Applications for U.S. unemployment benefits decreased last week, a sign companies are cutting back on firings even as economic growth slows.
Initial jobless claims decreased by 16,000 to 453,000 in the week ended Sept. 25, lower than the median forecast of economists surveyed by Bloomberg News, Labor Department figures showed today in Washington. The total number of people receiving unemployment insurance and those getting extended payments fell.
As dismissals abate, employers also aren’t adding enough workers to reduce an unemployment rate that’s hovering near a 26-year high. A lack of job growth suggests consumer spending, the biggest part of the economy, will be slow to pick up in coming months.
“We’re still at the very early stages of gradual improvement,” David Semmens, an economist at Standard Chartered Bank in New York, said before the report. “Unfortunately, it doesn’t seem to be picking up any momentum.”
Claims were projected to fall to 460,000, according to the median forecast of 47 economists in the Bloomberg survey. Estimates ranged from 450,000 to 475,000. The Labor Department revised the prior week’s figure to 469,000 from 465,000.
The four-week moving average, a less volatile measure than the weekly figures, dropped to 458,000 last week from 464,250, today’s report showed.
The number of people continuing to receive jobless benefits fell by 83,000 in the week ended Sept. 18 to 4.46 million.
Smaller Benefit Rolls
The continuing claims figure does not include the number of Americans receiving extended and emergency benefits under federal programs. Those who’ve used up their traditional benefits and are now collecting emergency and extended payments decreased by about 293,000 to 4.88 million in the week ended Sept. 11.
The unemployment rate among people eligible for benefits, which tends to track the jobless rate, fell to 3.5 percent in the week ended Sept. 18 from 3.6 percent the prior week.
Forty-four states and territories reported an increase in claims, led by a 15,000 jump in California as government offices returned to a five-day work week following a holiday-shortened schedule the prior week. Nine states reported a decrease in the week ended Sept. 18.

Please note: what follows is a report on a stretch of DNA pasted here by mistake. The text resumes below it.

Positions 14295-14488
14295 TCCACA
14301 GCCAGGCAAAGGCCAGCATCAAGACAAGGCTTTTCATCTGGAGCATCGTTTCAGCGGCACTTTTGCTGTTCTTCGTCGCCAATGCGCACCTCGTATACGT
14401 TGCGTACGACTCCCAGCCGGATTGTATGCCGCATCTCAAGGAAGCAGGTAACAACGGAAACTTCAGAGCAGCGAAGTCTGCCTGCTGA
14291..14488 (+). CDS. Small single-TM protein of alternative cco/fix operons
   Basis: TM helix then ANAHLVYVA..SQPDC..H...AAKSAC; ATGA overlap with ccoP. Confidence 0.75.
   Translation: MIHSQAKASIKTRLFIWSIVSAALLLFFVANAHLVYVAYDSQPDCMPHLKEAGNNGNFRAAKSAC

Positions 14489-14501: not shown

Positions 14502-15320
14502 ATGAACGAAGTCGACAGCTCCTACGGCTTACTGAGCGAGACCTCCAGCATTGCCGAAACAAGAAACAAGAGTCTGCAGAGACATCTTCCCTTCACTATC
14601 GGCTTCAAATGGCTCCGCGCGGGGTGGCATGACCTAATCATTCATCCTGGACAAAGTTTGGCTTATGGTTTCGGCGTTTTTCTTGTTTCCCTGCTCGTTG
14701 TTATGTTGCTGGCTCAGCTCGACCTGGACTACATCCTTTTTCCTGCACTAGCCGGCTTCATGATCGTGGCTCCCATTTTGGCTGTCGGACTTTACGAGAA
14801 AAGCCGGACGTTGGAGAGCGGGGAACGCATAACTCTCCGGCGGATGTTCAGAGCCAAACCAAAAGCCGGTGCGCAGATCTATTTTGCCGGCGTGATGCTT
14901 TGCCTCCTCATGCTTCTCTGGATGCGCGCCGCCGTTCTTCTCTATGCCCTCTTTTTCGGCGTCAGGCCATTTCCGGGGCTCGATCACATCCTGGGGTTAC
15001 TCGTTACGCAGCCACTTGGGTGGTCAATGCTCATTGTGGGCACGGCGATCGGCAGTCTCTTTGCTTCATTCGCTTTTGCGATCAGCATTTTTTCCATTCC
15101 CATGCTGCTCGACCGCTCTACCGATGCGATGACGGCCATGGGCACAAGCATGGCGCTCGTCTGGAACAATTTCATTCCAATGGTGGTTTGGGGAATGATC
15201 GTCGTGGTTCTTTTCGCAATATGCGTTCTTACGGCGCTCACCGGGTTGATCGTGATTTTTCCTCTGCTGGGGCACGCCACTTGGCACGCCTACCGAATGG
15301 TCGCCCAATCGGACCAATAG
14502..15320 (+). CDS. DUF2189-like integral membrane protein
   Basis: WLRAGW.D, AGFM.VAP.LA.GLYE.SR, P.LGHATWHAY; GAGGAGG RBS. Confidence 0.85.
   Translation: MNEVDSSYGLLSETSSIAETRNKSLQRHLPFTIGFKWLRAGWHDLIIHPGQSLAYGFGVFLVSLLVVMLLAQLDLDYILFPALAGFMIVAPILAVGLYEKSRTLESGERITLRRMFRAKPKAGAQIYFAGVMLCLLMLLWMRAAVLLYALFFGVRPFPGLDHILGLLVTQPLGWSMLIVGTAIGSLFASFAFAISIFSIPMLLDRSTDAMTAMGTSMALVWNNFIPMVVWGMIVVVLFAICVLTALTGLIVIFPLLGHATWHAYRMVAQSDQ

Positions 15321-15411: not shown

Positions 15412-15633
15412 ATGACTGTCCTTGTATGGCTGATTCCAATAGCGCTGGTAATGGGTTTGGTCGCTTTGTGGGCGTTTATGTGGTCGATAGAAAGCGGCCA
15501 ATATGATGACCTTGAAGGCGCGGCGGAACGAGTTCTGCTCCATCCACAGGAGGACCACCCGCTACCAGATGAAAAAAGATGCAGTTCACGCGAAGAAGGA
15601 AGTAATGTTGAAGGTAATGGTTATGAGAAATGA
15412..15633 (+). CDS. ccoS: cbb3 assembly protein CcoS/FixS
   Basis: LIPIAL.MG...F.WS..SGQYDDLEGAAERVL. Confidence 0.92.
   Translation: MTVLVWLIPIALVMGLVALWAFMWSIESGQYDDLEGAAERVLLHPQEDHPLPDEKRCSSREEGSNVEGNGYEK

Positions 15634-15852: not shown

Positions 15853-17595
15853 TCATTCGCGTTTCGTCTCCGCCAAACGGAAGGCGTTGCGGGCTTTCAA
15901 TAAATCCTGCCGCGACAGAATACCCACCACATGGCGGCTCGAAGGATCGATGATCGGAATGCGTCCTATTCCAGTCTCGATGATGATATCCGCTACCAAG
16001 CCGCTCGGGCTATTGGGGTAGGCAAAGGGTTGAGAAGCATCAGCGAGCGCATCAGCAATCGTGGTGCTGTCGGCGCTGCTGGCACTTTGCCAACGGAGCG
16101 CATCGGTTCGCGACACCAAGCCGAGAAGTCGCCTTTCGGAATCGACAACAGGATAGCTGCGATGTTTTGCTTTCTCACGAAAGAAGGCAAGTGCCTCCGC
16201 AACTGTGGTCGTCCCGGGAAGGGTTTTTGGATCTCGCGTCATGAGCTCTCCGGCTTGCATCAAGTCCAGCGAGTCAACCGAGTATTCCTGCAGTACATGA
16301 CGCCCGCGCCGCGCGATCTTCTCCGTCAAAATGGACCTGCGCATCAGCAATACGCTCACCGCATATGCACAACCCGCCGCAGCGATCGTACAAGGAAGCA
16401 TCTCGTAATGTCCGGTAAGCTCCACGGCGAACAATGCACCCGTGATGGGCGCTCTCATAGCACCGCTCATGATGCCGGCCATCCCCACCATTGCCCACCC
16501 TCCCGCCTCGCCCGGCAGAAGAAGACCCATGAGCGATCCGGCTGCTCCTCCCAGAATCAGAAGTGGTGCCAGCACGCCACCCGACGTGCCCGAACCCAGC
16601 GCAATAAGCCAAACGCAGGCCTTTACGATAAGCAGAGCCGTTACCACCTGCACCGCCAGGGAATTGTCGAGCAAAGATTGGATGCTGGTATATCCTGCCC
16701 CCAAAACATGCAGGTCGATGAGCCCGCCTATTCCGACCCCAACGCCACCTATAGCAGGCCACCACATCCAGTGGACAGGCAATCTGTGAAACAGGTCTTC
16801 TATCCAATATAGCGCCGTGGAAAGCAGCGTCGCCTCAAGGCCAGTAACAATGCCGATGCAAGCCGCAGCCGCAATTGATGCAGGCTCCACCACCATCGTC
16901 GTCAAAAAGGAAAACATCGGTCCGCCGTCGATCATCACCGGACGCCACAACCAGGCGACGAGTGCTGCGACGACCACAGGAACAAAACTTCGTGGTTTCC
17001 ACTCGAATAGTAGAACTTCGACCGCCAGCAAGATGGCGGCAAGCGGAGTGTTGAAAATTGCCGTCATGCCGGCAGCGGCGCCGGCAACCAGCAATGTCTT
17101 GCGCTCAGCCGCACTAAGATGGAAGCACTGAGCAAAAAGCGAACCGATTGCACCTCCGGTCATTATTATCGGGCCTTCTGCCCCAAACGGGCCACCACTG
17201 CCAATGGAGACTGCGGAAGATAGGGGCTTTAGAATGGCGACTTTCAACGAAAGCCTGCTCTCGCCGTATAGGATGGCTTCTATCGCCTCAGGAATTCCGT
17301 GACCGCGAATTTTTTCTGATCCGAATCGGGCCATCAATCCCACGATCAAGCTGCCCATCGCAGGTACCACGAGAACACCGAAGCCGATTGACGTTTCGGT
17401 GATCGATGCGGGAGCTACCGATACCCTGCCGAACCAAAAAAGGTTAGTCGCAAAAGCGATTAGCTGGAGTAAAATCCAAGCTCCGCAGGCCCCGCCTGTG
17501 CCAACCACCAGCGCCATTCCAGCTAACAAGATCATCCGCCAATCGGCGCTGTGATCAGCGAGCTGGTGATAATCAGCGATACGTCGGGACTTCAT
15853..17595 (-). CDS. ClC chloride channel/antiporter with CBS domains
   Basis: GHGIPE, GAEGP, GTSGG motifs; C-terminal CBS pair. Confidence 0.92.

Initial jobless claims reflect weekly firings and tend to fall as job growth -- measured by the monthly non-farm payrolls report -- accelerates.
Private employers in August added 67,000 workers while total payrolls fell by 54,000, the Labor Department said earlier this month. Unemployment rose to 9.6 percent last month, and economists surveyed by Bloomberg forecast joblessness will stay near that level for the rest of the year.
The economy is a top issue for voters in the November congressional elections, and polls show the public is increasingly skeptical of President Barack Obama’s performance. Earlier this week Obama signed legislation yesterday that will cut taxes and provide credit help for small businesses, calling it an essential step for job growth in a slow economy.
Some companies are still firing workers while others are hiring on a short-term basis.
Toys ‘R’ Us Inc., the world’s biggest toy retailer, plans to hire about 45,000 employees to cope with demand during the holiday season. The move is “essentially doubling” the domestic workforce, Wayne, New Jersey-based Toys ‘R’ Us said in a Sept. 28 statement.
Textron Inc., based in Providence, Rhode Island, said it plans to cut 700 jobs at its Cessna plane division, as the aircraft maker reduces production further because demand hasn’t yet picked up after the recession. The cuts represent about 8.3 percent of the unit’s workforce.
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